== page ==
SEED Program Grows High School Sustainability Initiatives, Enhances Community Energy Efficiency

Grace Chin Speaking

This year in New England, ACE partnered with Next Step Living (NSL) to train students how to talk about climate change and the importance of energy efficiency through the SEED Program - that stands for Sustainable Energy Education Drive. Students recruited community members to take advantage of the state’s free energy assessments and energy upgrades, provided by NSL.

Through this partnership, ACE educated 2,700 students with the ACE Assembly and trained 30 to take the lead on the NSL energy project. Students like Grace Chin of Lincoln Sudbury-High School mobilized 134 home energy assessments, saved families an estimated $13,500 and yielded a greenhouse gas reduction equivalent to 97 metric tons of CO2.

Check out this great story by our partners at NSL about Lincoln-Sudbury’s success:

Lincoln-Sudbury School Cuts Residents’ Bills, Drives Sustainability on Campus

Lincoln-Sudbury Regional High School kicked off its SEED program with a powerful all-school presentation by Alliance for Climate Education. The ACE Assembly was a natural lead-in for recruiting students to the SEED program, which promotes greenhouse-gas-reducing efficiency upgrades in their community.

"Next Step Living has done a huge amount to make sure SEED events are successful,” says Daniel Lewis, advisor to the student environmental group. “They’ve made it easy for us to participate, and they’ve shared a lot of their knowledge with students.”

Lincoln-Sudbury has been creative in finding opportunities to reach out to particular populations within the town, including the students’ own parents. “Last spring we had a college fair here on a Saturday, with 50 colleges tabling, and our SEED students spoke with parents about getting a home energy assessment,” says Eleanor Burke, assistant principal.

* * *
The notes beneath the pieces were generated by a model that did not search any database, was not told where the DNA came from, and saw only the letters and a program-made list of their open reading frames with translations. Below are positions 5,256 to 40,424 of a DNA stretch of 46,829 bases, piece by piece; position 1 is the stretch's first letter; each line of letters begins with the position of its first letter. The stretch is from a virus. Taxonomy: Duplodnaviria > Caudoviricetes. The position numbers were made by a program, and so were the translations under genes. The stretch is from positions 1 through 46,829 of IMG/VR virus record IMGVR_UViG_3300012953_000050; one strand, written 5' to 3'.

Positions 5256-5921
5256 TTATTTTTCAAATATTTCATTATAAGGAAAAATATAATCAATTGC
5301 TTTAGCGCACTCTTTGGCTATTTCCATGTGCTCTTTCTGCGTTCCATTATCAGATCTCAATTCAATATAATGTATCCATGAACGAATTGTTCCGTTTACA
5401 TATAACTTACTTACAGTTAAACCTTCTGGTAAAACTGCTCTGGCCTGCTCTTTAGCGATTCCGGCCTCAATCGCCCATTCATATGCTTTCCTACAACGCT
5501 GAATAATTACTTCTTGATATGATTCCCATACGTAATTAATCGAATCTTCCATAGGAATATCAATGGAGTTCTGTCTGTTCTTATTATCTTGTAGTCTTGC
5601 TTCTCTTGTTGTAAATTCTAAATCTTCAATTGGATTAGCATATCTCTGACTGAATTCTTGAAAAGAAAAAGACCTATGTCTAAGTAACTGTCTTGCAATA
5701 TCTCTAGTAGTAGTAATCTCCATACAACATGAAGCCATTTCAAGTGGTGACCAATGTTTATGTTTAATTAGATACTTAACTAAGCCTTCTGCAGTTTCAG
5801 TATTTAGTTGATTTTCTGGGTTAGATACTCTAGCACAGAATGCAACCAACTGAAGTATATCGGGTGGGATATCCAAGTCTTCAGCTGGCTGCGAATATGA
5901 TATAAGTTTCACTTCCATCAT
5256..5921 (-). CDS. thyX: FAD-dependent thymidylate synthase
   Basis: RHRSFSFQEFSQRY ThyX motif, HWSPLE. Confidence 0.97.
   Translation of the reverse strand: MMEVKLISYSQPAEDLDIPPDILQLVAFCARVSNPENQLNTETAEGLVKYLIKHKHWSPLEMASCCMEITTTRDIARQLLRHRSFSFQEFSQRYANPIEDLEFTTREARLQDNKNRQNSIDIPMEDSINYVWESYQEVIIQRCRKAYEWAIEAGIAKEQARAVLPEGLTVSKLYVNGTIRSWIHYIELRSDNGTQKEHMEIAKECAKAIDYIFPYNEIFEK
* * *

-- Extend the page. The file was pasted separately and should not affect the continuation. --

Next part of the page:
“A lot of our kids left that day smiling,” Burke adds. “The event nudged them out of their comfort zone and they left feeling they had done something important.” Students who attended events also received credit towards community service requirements.

So far the SEED program at Lincoln-Sudbury has raised $1,845 for water-bottle filling stations at the school, a helpful step toward decreasing the number of plastic water bottles on campus. The students were able to choose what initiative funds raised would go toward, fostering a sense of ownership among the young community. In addition to the fundraising, student volunteers signed up community residents for 92 home energy assessments, 13 evaluations of heating and cooling systems, and even 12 assessments for rooftop solar power systems. Lincoln-Sudbury is also renewing its program, with plans for expanding it to include other environmental initiatives, for 2015.

Altogether these actions have saved Lincoln-Sudbury families an estimated $22,246 on their annual utility bills and reduced the community's carbon footprint by 70 metric tons, the equivalent of taking 14 cars off the road for a year.

Burke and Lewis even had assessments performed on their own homes. Says Lewis: “My experience has been really positive.” Lewis’ home energy assessment, through the school’s SEED program, recommended wall insulation, and he had Next Step Living do the work. The result? A warm feeling at home, and at school.